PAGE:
Belmont University Research Symposium (BURS)

Publication Date



Sciences and Mathematics, College of


Psychological Science, Department of

BURS Faculty Advisor

Dr. Linda Jones

Presentation Type

Oral Presentation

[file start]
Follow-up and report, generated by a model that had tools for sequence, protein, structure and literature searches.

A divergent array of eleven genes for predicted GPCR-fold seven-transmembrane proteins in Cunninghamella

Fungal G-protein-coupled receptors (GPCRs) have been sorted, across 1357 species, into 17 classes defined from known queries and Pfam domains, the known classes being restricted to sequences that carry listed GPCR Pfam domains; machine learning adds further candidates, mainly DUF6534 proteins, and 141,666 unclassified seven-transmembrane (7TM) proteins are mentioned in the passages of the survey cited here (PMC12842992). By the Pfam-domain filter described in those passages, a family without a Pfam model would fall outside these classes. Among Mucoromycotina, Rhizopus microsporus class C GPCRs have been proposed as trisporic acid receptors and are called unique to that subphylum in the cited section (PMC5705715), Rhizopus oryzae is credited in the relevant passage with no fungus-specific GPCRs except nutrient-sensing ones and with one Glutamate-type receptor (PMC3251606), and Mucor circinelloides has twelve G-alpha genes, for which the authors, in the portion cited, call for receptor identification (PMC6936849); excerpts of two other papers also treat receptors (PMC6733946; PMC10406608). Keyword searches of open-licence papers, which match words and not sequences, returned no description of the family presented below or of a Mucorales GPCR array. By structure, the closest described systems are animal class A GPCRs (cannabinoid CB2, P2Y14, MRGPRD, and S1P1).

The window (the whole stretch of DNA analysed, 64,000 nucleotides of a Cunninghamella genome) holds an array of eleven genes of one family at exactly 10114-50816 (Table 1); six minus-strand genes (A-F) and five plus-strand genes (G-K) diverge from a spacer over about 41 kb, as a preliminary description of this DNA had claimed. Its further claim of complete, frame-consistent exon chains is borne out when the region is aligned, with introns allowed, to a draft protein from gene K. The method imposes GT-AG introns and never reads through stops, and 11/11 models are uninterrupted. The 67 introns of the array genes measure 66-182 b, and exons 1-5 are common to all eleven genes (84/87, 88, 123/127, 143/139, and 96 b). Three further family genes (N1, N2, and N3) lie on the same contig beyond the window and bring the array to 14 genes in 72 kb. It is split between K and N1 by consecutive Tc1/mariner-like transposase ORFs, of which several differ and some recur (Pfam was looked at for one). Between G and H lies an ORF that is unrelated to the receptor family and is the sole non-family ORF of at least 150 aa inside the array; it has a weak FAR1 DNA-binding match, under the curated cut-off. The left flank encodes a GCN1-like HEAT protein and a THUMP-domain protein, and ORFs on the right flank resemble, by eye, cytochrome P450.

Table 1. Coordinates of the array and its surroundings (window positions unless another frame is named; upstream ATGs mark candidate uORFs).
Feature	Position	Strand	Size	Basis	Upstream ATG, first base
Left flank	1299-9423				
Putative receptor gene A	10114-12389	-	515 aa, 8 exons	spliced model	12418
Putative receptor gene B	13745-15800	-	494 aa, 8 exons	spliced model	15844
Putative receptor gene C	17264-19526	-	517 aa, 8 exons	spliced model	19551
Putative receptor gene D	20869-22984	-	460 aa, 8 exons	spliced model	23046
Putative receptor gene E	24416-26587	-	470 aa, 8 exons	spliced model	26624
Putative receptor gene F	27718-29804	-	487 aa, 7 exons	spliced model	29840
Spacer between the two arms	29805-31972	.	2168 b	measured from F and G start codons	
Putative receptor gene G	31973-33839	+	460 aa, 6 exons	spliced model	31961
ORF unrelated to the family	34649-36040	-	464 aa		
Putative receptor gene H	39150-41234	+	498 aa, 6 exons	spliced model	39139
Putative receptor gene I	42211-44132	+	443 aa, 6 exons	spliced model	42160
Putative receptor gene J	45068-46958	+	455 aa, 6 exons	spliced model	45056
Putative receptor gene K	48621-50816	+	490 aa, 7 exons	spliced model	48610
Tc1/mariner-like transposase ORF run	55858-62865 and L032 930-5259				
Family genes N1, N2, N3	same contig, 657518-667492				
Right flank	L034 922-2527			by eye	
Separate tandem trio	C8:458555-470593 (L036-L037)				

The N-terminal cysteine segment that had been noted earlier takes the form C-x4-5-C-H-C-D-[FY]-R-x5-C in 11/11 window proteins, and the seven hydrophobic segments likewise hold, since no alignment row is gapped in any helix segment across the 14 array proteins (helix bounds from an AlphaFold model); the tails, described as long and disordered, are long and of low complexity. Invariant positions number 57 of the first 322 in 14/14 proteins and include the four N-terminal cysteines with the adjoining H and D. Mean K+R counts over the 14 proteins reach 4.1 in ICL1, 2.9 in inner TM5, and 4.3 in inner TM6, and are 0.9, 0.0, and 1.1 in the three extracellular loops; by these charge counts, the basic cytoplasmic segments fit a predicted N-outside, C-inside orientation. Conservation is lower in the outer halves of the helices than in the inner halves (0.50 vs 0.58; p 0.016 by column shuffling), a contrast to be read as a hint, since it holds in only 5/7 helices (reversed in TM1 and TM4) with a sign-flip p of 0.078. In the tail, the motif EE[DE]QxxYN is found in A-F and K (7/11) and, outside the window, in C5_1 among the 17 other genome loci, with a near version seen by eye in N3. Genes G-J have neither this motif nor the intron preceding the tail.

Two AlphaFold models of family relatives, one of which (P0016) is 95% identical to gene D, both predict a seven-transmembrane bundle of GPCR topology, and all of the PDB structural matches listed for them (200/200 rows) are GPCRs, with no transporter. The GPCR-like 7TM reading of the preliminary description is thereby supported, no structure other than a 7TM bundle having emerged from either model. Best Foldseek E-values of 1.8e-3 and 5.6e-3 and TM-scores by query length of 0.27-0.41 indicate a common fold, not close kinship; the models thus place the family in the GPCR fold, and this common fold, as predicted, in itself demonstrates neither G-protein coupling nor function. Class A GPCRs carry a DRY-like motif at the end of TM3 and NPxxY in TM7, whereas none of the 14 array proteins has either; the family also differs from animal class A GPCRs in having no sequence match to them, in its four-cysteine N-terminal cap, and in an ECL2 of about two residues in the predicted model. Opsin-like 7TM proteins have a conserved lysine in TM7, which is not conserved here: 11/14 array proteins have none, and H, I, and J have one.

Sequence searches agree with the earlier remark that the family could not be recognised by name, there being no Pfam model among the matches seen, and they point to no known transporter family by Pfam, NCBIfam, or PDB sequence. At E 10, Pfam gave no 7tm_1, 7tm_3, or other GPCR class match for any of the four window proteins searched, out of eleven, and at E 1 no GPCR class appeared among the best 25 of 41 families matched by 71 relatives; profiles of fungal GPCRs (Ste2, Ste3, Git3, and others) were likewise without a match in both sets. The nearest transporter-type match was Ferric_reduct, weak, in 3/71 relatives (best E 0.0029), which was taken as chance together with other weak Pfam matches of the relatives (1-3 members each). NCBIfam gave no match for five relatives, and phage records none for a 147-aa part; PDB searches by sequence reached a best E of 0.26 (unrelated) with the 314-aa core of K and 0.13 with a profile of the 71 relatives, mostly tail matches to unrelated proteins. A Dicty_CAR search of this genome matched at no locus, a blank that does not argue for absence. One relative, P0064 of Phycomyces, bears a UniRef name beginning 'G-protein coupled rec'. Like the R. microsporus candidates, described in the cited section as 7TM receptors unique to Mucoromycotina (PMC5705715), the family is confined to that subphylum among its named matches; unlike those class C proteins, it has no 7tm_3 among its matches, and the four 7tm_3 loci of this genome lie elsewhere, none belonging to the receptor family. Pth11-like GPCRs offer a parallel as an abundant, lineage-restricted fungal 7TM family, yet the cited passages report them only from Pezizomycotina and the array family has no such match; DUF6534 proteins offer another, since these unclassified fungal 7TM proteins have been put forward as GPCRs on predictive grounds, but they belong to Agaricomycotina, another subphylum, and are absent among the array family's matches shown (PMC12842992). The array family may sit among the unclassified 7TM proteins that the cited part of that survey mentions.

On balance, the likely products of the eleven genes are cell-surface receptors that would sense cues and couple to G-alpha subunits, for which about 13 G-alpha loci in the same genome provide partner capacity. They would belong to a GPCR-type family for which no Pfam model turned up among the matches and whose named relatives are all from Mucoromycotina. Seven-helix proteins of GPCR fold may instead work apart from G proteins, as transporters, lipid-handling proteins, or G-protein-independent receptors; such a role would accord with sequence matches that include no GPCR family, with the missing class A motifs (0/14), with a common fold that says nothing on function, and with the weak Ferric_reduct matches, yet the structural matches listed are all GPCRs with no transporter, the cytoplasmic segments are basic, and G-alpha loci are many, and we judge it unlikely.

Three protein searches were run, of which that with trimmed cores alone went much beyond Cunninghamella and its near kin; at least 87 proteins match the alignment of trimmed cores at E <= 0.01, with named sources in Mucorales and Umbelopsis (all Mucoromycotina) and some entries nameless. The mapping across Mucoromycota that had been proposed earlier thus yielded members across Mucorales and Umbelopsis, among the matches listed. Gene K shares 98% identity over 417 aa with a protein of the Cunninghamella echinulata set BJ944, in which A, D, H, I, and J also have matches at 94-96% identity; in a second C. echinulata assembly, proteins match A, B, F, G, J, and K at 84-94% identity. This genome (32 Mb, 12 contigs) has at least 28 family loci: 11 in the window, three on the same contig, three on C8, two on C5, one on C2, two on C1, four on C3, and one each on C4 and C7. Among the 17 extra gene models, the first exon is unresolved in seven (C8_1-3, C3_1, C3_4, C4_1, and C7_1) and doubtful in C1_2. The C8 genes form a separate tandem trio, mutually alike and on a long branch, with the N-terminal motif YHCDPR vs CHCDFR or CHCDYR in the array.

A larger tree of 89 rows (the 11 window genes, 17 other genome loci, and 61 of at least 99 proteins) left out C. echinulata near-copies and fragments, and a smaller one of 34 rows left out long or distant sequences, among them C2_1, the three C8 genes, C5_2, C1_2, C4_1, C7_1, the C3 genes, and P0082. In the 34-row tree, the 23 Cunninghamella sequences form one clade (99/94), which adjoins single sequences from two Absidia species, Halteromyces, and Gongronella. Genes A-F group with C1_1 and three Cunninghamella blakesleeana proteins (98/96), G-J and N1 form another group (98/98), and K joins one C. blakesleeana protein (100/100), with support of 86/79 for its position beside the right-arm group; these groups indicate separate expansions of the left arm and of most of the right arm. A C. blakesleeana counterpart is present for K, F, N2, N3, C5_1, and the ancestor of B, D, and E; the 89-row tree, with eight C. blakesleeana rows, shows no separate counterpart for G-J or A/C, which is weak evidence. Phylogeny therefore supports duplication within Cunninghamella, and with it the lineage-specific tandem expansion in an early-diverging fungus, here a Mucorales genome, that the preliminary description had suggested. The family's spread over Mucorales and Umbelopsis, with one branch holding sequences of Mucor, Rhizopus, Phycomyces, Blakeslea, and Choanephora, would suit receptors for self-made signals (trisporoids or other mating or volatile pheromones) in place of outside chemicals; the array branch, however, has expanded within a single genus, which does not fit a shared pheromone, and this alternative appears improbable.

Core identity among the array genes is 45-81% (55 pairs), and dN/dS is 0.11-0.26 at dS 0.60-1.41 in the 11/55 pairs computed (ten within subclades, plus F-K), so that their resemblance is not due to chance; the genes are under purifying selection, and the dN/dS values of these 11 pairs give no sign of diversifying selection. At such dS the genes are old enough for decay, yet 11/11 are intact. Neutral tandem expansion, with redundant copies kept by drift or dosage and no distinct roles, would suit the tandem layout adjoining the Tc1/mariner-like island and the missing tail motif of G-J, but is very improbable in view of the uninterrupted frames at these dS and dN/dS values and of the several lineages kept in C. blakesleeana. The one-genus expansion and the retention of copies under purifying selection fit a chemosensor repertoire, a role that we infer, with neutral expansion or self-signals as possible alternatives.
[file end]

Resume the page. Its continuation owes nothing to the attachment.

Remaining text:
Caffeine is considered a legal drug with a main function of acting as a stimulant. The recommended daily dose of caffeine is up to 400 mg, however, most college students consume on average 800 mg per day (Mcllavian et al., 2013). Amongst American college students, caffeine is considered one of five most commonly consumed drugs, being compared with alcohol, marijuana, opioids, and sedatives (American Addictions Center, 2019). Within this population, there is a lack of knowledge regarding the adverse effects of caffeine and its potential impact of alertness versus sleepiness. Existing literature on this topic has shown that caffeine can decrease overall energy (Young & Benton, 2013). It was found that 53% of college students self-report fatigue and daytime sleepiness (Roth, 2015). Daytime fatigue is shown to negatively impact academic achievement, attention span, decision making, function, and quality of life (2015). This research aimed to understand the relationship between daytime sleepiness and caffeine consumption at a mid-sized southern university, measured by the Epworth Sleepiness Scale (Johns, 1991) and the Caffeine Dependency Inventory (Sabau & Beiglböck, 2020). It was hypothesized to have a positive correlation between caffeine consumption and daytime sleepiness. It is anticipated that those who consume high amounts of caffeinated drinks will show high levels of daytime sleepiness. The results of this study have implications for creating potential interventions in college students to decrease caffeine consumption and increase energy and attention throughout the day.